An Effective Social Media Strategy for Small Businesses

An Effective Social Media Strategy for Small Businesses

It’s a delicate balance between working for your business and working on your business. We share an effective social media strategy to maintain this stability.

Small business owners always seem to find themselves somewhere between working “for” the business and working “on” the business. What do we mean? Working “for” the business fills calendar time with client appointments, project work, and external deadlines. Working “on” the business includes strategy, planning, and putting forth initiatives that will help make the business more efficient and successful. 

Since customers are the ones producing revenue, we find that many times those important internal projects, like social media, take a back seat. What starts as a goal to post three to five times a week quickly turns into one (or no posts) a week due to cascading client deliverables.

Well, we’re happy to share a strategy that will help keep you from falling off the social media bandwagon and keep your brand presence active and alive each month. 

Start With What’s Current For Your Business

We often hear that setting aside time to brainstorm new content and create marketing campaigns is a drawn-out process that needs hours of dedicated time. We’re here to encourage you not to make it harder than it has to be! If you’re a business owner, your calendar is filled with meeting after meeting, and you have an innate understanding of what is coming up in the next month for your business—this is a great place to start when it comes to a monthly social media campaign. 

For next month, try out the steps below to start a campaign arc for your business.

  • What are three new projects you’re working on? 
    • List out what the projects are as if you were explaining it to a stranger who knows nothing about your business.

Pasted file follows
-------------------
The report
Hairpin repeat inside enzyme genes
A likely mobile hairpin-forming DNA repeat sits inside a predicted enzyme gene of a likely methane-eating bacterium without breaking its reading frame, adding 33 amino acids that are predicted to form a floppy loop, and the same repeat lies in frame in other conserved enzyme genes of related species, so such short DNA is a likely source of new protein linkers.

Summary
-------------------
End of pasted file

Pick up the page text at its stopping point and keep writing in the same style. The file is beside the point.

• Once written, go back through and highlight the key takeaways from each project (You’ve just created several social media posts. Congratulations!)
  • What changes have occurred in your team? 
    • Have you hired anyone? Promoted anyone? 
    • Did you buy some new equipment? 
    • Are you planning any team events? 
  • List some things that are important to your industry? 
    • What changes have occurred lately? 
    • Are there any best practices worth sharing? 
    • What is something that you are currently doing differently than your competitors? 

Creating Content the Easy Way

Once you complete the questions above, review your answers and identify two to three common themes. These “content buckets” will become the cornerstone campaigns for your social media in the following month. 

For example, let’s say you run a car repair shop and you just hired three new mechanics. The content bucket or campaign could be “staff highlights.” 

Once you identify a campaign, think about what would be important for your audience to know. For the repair shop example above, information on your new hires, including years of experience, training and skills, interests and hobbies, as well as goals and development, would be important items. 

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Look at the calendar for the following month and choose four to six days to highlight the campaign, and start with a four to eight-word summary of what the post will be for that day. 

Do the same for the other one to two campaigns you identified. 

Once this exercise is done, you should have a fairly robust calendar of post ideas that center around your two to three campaigns for the month.